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Re: dh_config_model_upgrade: package upgrade with Config::Model

On Fri, 4 Dec 2009 19:25:54 +0100
gregor herrmann <gregoa@debian.org> wrote:

> On Fri, 04 Dec 2009 17:32:13 +0000, Neil Williams wrote:
> > > Configuration file `/etc/sensors3.conf'
> > >  ==> File on system created by you or by a script.
> > >  ==> File also in package provided by package maintainer.
> > >    What would you like to do about it ?  Your options are:
> > >     Y or I  : install the package maintainer's version
> > >     N or O  : keep your currently-installed version
> > >       D     : show the differences between the versions
> > >       Z     : background this process to examine the situation
> > >  The default action is to keep your current version.
> > > *** sensors3.conf (Y/I/N/O/D/Z) [default=N] ?
> > That is a bug in the package, as described in my other reply. If the
> > user hasn't changed that file, the package should be able to cope
> > with the changes without prompting. Whichever package caused the
> > file to be modified in such a way that it cannot be upgraded
> > cleanly is BUGGY.
> If the file is unmodified, then there's indeed something wrong. But
> the interesting case is when the admin has changed something. The
> common case that is getting on my nerves currently is:
> * foo 1.0 ships /etc/foo.conf with
>   featureA=yes
>   featureB=no
> * I change featureB to yes
> * foo 2.0 ships /etc/foo.conf with
>   featureA=yes
>   featureB=no
>   featureC=7
> * Now dpkg ask if I want the new version or my modified one. But what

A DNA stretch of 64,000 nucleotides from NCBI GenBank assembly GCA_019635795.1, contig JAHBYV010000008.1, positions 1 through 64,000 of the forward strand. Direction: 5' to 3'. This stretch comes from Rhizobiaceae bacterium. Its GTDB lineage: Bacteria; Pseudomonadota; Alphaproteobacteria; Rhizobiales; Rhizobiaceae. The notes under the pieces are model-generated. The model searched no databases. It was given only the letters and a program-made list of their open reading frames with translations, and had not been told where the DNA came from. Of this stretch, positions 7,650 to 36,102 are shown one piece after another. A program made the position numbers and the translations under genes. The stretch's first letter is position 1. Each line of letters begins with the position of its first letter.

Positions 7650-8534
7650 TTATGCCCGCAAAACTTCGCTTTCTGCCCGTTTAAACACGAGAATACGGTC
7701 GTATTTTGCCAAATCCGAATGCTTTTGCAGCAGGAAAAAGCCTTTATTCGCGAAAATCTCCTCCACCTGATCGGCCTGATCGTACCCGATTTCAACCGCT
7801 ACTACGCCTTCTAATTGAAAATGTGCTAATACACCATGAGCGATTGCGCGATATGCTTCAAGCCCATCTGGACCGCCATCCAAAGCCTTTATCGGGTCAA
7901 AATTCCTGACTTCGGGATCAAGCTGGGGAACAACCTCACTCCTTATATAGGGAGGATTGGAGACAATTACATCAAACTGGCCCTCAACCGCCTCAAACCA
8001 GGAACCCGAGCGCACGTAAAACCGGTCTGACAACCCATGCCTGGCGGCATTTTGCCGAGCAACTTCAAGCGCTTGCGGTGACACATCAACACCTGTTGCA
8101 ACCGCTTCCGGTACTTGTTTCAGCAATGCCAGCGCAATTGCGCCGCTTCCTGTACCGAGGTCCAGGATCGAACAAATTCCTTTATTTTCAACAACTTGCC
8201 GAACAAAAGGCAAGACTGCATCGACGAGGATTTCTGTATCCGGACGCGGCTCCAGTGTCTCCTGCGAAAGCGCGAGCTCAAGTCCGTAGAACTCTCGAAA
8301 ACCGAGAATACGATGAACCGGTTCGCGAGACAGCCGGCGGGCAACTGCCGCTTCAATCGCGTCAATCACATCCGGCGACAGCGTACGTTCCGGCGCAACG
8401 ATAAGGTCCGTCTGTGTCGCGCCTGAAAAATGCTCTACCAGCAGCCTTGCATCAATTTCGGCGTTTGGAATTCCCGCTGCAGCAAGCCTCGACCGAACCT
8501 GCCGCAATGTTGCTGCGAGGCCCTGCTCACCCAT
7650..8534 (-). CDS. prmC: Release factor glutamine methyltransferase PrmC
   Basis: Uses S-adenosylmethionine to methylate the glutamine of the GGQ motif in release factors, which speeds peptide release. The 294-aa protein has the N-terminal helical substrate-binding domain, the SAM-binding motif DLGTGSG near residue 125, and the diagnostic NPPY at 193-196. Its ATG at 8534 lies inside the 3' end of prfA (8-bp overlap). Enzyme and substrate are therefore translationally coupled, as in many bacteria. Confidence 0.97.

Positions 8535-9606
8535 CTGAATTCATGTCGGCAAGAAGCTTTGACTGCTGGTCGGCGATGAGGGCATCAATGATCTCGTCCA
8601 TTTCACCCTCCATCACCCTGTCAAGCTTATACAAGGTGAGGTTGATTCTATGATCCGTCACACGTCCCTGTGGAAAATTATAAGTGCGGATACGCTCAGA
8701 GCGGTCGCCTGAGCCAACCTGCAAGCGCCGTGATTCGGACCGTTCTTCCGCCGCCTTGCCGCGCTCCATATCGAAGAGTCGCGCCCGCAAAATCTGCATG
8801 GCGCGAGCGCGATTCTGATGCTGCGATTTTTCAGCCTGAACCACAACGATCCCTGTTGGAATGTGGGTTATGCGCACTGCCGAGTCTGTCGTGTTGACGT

>   I actually want is 
>   - keep my change of the featureB variable and
>   - add the new featureC variable
> * Or more generally: I want to preserve my locally modified values
>   and at the same time update the rest which I haven't touched.

That's a user change, I thought the point of this was that changes *not
done by users* are causing problems. Different problem.
> And that's what Config::Model allows, as far as I understood it.

That's not how I understood the purposes of it, although it could be
used that way, it isn't sufficient justification IMHO.

If admins make changes, admins should expect to handle the dpkg

I thought the idea of this was to handle changes not made by users - I
think we agree that those instances are bugs.
> > > Avoid asking users configuration questions during packages
> > > upgrades. This could make dist-upgrades between Debian releases
> > > easier.
> > No, it hides the problem inside another dependency. The package
> > should handle it's own config files *and* the bugs that result.
> I don't consider writing parsers in each and every .postinst very
> efficient.

As is adding a perl dependency to packages that have no previous need
for perl.

The postinst doesn't have to parse the conffile, it just has to not
generate the dpkg result (by generating the conffile instead of
packaging it) and allow the app to transition from one to the next. If
the existing file is different to what the package thinks it can
upgrade, the package should not require dpkg to generate the error and
the consequent halt of the package installation.

What we see from dpkg should (IMHO) *only* appear as a direct result of
a bug that then needs to be fixed in the package. If the package can
anticipate that dpkg will have problems, the package should handle that
in advance. By the time it's left to dpkg it's too late.

Doesn't justify a separate parser.


Neil Williams

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